Saturday, December 29, 2012

Pecan Pie Bars

Tis the season....of baked goods, chocolate, and sugar.  The options as endless--traditional sugar cookies to decorate for Santa, eggnog snickerdoodles, chocolate mint creme yule log, fudge, peppermint bark, peanut brittle, toffee, and so much more!  Let's not forget about these pecan pie bars. 

They can't be beat; a whole pie in one bite!  Let's be serious, who wants a whole piece of pie after already consuming nearly one million calories of junk?  Although these little gems certainly aren't healthy, because they are so small, one can feel less guilty about consumption.  Also, they truly are the perfect bite--I wouldn't want more than one.  Any more, and it would be too sweet for anyone (aside from Buddy the Elf).  

The pecans are perfectly toasted; the filling is perfectly gooey, but not leaky or hard; and the crust ties the filling components together and provides a slightly salty balance to the otherwise sugar-laden treat.  I don't care much for pecan pie because it is oftentimes too messy/sticky/gooey and is far too sweet for me.  These delicious little squares, however, mitigate all of those concerns and are truly scrumptious.

Buddy the Elf would be proud.

Pecan Pie Bars:
Adopted from this recipe.

For the Crust...
  • 2 cups of flour
  • 1/3 cup of sugar
  • 3/4 cup of butter, softened
  • 1/4 teaspoon of salt
For the Filling....
  • 4 eggs lightly beaten
  • 1 cup of light corn syrup
  • 1 1/4 cup of sugar
  • 3 tablespoons of butter, melted
  • 1 1/2 teaspoons of vanilla extract
  • 3 cups of chopped pecans (I leave some as pecan halves, and then chop the majority)
  1. Line a 15 x 10 baking pan with nonstick tinfoil.  Preheat the oven to 350 degrees F.
  2. In a stand mixer with the paddle attachment, blend together the flour, sugar, butter, and salt until the mixture resembles coarse crumbs.
  3. Press the crumbs firmly and evenly into the prepared pan.
  4. Bake for 20ish minutes until the crust just begins to golden.
  5. In another bowl, combine the filling ingredients and mix well.
  6. Spread evenly over the hot crust.
  7. Bake for 20-25 minutes until the center of the filling is set.
  8. Cool to room temperature on a wire rack, then move to the refrigerator before attempting to cut.  (I have found that they cut cleanly when they are refrigerated after having cooled to room temperature on the rack.)
  9. ENJOY!

Thursday, December 27, 2012

Rosemary and Thyme Biscuits

There is something to be said about a good biscuit.  Perfectly fluffy but dense, buttery but light, and flaky but moist.  So why does everyone smother them with fat-laden gravy or hollandaise sauce, or serve them with a massive hunk of greasy, leathery, and cholesterol-packed red meat?  Sorry about my soapbox moment, but it is one of life's greatest mysteries.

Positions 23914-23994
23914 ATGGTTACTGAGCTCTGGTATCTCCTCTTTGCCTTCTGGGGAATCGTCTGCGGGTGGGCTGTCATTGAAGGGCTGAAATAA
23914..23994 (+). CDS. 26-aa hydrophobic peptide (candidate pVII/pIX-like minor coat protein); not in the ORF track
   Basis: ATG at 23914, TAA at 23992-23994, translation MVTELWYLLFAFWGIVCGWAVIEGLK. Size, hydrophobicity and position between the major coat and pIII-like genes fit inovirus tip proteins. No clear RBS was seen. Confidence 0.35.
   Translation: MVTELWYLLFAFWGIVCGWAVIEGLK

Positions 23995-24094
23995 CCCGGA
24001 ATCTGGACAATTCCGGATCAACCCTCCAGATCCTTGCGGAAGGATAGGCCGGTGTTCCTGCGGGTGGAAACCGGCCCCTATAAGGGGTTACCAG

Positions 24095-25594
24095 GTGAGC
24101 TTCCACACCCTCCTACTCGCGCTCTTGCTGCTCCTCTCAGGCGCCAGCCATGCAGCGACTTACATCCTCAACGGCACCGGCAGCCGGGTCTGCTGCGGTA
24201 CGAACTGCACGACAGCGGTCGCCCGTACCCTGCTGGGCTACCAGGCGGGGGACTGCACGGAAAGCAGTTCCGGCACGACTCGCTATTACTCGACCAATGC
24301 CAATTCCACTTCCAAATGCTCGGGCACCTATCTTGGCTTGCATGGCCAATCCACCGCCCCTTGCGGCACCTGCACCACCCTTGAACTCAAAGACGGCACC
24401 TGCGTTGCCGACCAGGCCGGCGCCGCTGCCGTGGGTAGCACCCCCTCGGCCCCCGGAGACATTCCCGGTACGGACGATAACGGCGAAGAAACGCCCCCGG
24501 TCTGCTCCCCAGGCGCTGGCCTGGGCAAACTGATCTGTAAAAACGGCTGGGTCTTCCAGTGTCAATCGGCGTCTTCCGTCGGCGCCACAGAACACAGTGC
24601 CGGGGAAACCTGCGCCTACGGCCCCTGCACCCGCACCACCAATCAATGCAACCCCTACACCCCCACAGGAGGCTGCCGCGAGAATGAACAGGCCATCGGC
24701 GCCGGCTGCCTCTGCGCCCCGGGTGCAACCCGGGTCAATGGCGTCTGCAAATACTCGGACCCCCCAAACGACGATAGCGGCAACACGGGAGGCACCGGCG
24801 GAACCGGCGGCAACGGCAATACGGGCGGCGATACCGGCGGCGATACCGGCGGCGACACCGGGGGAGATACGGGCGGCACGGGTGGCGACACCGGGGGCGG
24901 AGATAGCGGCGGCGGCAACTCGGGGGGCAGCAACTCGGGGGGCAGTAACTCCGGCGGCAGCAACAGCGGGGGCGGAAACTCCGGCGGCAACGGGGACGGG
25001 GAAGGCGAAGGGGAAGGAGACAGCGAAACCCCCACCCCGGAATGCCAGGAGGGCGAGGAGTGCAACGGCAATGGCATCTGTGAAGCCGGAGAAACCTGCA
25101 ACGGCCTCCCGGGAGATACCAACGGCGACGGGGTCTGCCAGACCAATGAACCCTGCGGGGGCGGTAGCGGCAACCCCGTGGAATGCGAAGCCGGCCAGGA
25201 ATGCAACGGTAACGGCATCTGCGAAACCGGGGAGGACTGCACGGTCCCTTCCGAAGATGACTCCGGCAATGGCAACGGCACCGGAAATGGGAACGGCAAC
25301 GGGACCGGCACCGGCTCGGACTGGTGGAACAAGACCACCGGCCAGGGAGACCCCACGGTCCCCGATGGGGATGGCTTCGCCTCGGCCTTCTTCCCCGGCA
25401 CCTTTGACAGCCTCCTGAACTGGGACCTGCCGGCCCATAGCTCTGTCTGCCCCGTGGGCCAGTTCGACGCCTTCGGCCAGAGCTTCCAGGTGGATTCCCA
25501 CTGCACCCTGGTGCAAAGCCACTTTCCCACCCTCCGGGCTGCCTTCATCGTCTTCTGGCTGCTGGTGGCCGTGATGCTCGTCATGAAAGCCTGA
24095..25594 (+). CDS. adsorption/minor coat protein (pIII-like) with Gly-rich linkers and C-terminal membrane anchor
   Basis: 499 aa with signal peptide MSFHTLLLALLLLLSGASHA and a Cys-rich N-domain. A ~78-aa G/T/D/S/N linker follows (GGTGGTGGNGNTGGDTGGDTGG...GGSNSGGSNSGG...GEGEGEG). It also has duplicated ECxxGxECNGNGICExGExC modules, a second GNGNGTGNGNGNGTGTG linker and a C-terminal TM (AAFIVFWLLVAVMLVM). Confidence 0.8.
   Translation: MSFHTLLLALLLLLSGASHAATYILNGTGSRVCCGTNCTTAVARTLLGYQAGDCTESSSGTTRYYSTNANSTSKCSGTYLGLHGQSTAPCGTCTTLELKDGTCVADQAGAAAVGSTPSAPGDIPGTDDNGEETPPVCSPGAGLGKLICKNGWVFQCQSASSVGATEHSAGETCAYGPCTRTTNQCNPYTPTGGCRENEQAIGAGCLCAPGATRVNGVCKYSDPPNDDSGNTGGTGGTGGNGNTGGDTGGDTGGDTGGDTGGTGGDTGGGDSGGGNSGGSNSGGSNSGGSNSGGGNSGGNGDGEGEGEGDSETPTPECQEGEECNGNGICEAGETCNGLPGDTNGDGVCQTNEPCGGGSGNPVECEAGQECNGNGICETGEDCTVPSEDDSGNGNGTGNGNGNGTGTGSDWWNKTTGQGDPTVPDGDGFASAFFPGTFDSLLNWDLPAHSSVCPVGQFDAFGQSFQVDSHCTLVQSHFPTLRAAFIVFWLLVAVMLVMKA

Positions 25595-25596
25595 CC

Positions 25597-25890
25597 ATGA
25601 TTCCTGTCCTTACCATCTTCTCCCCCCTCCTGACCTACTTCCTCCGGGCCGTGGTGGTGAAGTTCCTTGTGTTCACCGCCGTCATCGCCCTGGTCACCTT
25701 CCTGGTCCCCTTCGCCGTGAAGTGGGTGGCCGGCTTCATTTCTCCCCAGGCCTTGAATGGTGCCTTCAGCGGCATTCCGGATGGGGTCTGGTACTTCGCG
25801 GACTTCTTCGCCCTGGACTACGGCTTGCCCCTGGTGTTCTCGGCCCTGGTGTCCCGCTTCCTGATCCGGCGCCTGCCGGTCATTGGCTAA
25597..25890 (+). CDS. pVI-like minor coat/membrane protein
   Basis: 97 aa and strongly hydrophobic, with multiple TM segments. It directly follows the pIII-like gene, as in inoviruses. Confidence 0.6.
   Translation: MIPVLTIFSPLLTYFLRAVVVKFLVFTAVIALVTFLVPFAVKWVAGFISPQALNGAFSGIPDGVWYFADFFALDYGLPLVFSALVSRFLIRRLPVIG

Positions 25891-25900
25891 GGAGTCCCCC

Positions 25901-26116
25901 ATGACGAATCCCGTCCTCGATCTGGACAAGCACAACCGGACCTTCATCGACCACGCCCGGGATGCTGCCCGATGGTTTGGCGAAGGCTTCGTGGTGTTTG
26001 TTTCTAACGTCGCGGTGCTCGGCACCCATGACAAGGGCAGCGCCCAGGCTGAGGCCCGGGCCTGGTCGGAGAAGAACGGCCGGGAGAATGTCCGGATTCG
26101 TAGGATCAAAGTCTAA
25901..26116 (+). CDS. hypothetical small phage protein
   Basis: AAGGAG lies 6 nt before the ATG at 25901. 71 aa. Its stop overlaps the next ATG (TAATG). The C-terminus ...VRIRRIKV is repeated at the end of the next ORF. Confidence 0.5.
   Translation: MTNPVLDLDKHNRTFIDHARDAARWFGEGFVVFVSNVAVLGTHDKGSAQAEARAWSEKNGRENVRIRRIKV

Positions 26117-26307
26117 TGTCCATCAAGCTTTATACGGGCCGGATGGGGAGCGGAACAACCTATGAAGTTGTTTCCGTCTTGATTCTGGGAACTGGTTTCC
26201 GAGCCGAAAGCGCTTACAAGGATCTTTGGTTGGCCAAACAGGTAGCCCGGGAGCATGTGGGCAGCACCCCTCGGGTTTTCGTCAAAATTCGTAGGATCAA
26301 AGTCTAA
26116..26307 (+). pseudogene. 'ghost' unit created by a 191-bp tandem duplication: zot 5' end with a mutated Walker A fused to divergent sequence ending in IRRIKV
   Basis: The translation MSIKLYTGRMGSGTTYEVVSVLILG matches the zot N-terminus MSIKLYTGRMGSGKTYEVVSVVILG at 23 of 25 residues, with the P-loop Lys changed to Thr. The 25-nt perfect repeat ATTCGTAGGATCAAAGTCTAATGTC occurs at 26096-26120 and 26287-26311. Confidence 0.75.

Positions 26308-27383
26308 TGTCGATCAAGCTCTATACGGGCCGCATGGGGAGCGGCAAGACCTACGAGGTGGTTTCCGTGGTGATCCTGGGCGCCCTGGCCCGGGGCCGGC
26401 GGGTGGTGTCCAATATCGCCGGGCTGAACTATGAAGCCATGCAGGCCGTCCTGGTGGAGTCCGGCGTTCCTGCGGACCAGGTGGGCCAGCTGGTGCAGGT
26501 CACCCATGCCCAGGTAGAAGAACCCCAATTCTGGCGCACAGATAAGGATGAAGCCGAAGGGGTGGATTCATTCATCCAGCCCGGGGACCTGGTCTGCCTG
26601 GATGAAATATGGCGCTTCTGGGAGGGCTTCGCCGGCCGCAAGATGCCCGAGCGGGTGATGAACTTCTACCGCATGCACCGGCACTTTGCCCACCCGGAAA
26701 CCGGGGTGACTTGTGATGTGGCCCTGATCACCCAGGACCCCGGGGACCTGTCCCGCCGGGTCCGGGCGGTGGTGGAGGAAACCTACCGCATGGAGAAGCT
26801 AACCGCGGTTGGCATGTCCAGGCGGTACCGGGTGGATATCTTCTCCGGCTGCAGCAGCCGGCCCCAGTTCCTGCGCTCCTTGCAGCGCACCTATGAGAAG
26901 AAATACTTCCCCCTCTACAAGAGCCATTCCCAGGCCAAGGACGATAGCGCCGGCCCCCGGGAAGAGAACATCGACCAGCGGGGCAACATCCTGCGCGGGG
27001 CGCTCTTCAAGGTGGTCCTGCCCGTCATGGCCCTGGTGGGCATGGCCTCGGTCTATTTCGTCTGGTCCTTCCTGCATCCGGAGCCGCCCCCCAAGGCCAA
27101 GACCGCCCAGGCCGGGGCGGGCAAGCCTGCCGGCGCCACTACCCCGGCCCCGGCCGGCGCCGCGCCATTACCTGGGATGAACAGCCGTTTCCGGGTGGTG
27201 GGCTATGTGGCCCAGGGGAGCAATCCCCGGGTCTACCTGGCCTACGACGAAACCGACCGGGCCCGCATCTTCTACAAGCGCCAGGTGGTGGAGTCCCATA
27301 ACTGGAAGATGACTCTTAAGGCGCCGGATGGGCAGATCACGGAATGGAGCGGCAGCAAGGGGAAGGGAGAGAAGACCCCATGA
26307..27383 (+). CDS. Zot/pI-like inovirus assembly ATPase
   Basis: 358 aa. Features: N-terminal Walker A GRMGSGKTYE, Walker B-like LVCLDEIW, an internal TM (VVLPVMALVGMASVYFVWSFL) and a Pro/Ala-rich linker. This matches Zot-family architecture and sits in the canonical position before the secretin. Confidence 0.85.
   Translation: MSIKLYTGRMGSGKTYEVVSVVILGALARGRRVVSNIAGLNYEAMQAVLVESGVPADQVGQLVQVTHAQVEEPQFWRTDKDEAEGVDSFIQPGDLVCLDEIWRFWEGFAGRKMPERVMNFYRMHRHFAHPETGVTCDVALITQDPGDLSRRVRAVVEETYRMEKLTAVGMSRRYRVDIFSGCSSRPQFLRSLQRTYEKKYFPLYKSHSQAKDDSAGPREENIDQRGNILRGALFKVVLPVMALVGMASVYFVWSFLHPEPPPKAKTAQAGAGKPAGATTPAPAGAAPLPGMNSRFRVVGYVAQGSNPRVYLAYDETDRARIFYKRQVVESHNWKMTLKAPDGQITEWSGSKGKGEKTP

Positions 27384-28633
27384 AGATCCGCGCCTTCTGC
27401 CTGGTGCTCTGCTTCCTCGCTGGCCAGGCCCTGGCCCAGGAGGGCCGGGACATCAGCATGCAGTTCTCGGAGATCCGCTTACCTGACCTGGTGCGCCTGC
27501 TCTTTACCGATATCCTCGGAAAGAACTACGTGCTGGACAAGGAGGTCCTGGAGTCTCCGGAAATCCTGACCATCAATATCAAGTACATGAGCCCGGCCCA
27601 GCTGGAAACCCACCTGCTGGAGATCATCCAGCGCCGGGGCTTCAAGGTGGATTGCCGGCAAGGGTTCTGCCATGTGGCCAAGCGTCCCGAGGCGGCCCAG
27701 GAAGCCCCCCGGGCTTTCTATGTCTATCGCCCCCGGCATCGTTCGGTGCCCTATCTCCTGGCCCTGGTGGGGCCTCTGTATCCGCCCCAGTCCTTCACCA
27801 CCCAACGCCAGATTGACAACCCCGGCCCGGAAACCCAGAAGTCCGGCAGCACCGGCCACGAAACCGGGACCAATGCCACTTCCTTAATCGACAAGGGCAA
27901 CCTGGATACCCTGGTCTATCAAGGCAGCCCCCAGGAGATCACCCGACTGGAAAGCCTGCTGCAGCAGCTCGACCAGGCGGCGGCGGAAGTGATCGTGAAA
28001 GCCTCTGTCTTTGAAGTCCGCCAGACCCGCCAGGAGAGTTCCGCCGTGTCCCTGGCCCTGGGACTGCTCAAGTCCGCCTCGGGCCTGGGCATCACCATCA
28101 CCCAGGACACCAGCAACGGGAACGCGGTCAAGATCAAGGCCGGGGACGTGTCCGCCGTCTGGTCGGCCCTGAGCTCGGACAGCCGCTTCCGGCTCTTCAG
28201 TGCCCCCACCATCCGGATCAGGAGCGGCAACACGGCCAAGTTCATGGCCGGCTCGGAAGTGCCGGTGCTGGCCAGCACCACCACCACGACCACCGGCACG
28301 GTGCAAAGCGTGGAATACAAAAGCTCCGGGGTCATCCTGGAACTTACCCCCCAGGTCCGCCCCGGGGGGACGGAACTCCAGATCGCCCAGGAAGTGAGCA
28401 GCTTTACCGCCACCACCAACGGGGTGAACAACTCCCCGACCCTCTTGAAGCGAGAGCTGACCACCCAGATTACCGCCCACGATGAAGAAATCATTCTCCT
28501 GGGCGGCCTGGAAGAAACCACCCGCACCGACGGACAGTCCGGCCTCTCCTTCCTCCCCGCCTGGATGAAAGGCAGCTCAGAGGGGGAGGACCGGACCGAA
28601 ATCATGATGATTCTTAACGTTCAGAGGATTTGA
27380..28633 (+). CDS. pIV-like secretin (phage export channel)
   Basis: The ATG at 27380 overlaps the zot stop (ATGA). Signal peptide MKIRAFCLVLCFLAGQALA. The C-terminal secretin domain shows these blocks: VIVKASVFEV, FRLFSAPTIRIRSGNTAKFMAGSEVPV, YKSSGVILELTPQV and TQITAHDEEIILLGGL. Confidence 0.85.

In my opinion, biscuits should be a highlighted component of a dish and not smothered.  These rosemary and thyme biscuits certainly do their job well.  Because they are delicious (and small) we found it easy to eat about six without even batting an eye, and then to come back a few minutes later and eat some more.

These biscuits are perfect--and incredibly easy to make.  However, if you plan to make them, you have to promise to make them a highlight of you meal and not bathe them in a heavy and unhealthy sauce.  You can, of course, dip them in high quality olive oil infused with a homemade blend of Tuscan spices...

 Rosemary and Thyme Biscuits:
Adopted from this recipe.
  • 1-2ish tablespoons of fresh thyme leaves
  • 1-2ish tablespoons of fresh rosemary leaves 
  • 3 cups of self-rising flour (if you don't have self-rising flour, you can google the proportion of baking powder and salt to add)
  • 1/4 teaspoon of black pepper
  • a few shakes of crushed red pepper (optional) 
  • 3/4 cup lemon-lime soda (I used diet 7Up for one batch, and sparkling water for another and both turned out fine)
  • 3/4 cup heavy cream
  1. Preheat your oven to 400 degrees.  Line a large baking sheet with parchment paper.
  2. In a large bowl, combine the flour, pepper, thyme and rosemary.  
  3. Make a well in the center. Using a fork, gently stir in the soda and heavy cream, mixing just until incorporated.
  4. Do not over mix!
  5. Drop heaping tablespoons (about the size of a golf ball) onto the prepared baking sheet. 
  6. Bake until puffed and golden brown, 12 to 15 minutes. 
  7. Try to not eat them all at once.
  8. ENJOY!  

Sprouts and Beans Salad with Dijon Vinaigrette

What to do with Brussels?  What to do with green beans?  Steam them?  Bake them?  Braise them?  Saute them?  Blanch them?  Boooooorrrrriiiiiiiiing.  Although tasty, these options have all been exhausted.  So I started looking for something new, creative, interesting, and bound to be tasty and was inspired by this seemingly fancy haricots verts and white beans recipe.  With the addition of the salad, more dijon, and a bunch of brussels sprouts, my resulting salad was delicious.

The brussels and green beans were perfectly al dente, while the white beans were slightly soft--ultimately creating perfectly complementing textures.  Additionally, the freshness of each veggie was highlighted by the dijon vinaigrette and spices.  Overall, this salad is sophisticated and elegant, but also incredibly quick and easy to make.  You can easily serve it on a weeknight when schedules are tight, or bring it to share at a fancy holiday meal.  We did both!

Finally, a new solution for what to do with brussels sprouts and green beans.  This salad is an instant hit!

Sprouts and Beans Salad with Dijon Vinaigrette:
Based on this recipe.
  • 2 cans of white beans, drained and rinsed